Stories from Kenya you need to hear

I’ve been at GlobalGiving since 2008, after spending 7 years in Neuroscience. What attracted me to GlobalGiving in the first place was knowing that stories like these were out there, and that I could do something about it.

Imagine the possibility of inverting power structures in Africa and changing the way money gets spent to help communities. What if technology could allow people living on a dollar a day to get their stories on the web, and join a global conversation, so that what matters most gets noticed and people give a little to solve problems?

A recent profile of GlobalGiving’s co-founders explains the big picture quite well:

"Mari Kuraishi and her colleague Dennis Whittle abandoned their desks at the World Bank in favor of a more direct approach to development. They resolved to work with the people living on the front lines—the people who have the strongest incentives to reduce poverty, protect human rights and the environment, spread education and improve health in their communities."

And here are some of the stories we’ve recently collected from Kenya directly from the people themselves, in no particular order:

I had never before seen the old man standing on our doorstep but sure enough when I blinked, he was still there. In a voice weak with days of hunger and thirst, he asked for a drink of water I was a little scared if this strange wild looking man and hurried to the kitchen without answering him. “Mummy, there’s a man outside who wants a drink of water”, she looked puzzled but came with a glass of water to the door. The old man drunk quickly in long gulps never pausing for a breath of air. When he finished he handed the glass to my mother and though shabby, was polite enough to say “thank you”.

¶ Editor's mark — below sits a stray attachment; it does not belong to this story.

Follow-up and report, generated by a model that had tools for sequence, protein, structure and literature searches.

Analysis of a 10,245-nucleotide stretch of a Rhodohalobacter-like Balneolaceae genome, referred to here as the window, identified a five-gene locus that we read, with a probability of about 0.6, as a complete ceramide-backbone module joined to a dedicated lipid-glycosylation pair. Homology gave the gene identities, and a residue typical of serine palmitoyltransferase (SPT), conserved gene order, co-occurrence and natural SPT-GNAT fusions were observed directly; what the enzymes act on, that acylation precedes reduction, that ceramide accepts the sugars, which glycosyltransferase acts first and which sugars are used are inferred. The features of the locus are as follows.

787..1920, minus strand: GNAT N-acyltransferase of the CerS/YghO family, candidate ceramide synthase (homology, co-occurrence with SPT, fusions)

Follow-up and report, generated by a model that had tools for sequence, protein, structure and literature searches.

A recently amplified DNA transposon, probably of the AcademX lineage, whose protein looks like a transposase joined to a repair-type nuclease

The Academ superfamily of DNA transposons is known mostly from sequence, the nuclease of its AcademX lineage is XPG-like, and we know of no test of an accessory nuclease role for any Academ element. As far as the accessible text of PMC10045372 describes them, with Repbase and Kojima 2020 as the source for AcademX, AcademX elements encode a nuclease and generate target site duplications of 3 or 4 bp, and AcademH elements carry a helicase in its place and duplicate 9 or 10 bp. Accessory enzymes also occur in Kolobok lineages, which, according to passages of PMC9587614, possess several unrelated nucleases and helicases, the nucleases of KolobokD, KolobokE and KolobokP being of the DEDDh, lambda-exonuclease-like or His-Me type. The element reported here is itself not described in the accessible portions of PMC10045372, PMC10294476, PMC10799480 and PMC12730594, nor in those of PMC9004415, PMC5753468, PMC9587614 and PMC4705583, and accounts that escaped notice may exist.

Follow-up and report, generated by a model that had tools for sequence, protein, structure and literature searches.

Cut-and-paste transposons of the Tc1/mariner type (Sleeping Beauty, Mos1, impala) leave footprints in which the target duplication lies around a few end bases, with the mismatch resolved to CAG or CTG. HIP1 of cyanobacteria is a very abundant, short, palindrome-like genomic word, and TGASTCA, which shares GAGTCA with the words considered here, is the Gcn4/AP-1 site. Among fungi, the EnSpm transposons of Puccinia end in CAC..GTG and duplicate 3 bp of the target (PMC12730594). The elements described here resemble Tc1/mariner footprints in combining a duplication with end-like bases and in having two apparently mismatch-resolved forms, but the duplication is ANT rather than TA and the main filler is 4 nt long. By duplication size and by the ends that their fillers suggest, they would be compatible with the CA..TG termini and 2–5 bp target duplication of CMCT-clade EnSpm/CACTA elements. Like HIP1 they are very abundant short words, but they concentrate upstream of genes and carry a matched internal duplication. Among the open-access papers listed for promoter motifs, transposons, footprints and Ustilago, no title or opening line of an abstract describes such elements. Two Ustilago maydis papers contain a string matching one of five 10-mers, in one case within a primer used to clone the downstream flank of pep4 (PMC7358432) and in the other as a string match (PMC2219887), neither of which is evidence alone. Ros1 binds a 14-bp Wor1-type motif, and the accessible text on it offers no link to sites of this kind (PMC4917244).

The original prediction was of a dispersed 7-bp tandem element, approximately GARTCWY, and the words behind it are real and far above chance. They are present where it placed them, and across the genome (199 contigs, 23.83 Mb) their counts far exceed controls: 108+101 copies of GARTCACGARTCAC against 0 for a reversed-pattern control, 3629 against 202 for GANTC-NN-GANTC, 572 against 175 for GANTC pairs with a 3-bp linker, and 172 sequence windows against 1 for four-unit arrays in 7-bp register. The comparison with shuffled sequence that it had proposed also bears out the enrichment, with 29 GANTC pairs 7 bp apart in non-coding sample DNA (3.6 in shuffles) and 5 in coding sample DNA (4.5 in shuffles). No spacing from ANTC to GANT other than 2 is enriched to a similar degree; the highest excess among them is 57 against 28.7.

Overcome by curiosity, I asked “who are you? And where do you come from?“
A sad look came from his eyes as he answered, “a long way away from here my child”.
By now, both my mother and I were intrigued by the old man and she invited him in to tell us his story. He spoke with a slight accent and looked as wise as his years. His clothes were little more than rags and had not been washed for a long time. “Where I come from, the land is for green and fertile and I like in a wide plain. After his story I was shocked since this man was my grandfather whom my fathers abandoned many years ago!!! (ID:1eb09a37-f620-42e1-a6e3-10313f5b6453)

In kibera we have many plots but no toilets and also funnily there are more churches than toilets. Flying toilets is the norm of the day in Kibera and they are thrown anyhowly. I ask people from kibera to build more toilets to keep our environment clean. (ID:2070b4b7-584a-4975-8a45-344fa1787b2f)

Corruption has become rampant recently. Everyone from the top government officials to the last man in Kenya are involved or are affected by it and so development is hindered. My sister went for an interview for a teaching job in Kisumu. The bus that we boarded to Kisumu was being driven by a drunk driver and when we realized that we couldn’t alight the bus as we had already payed our fare.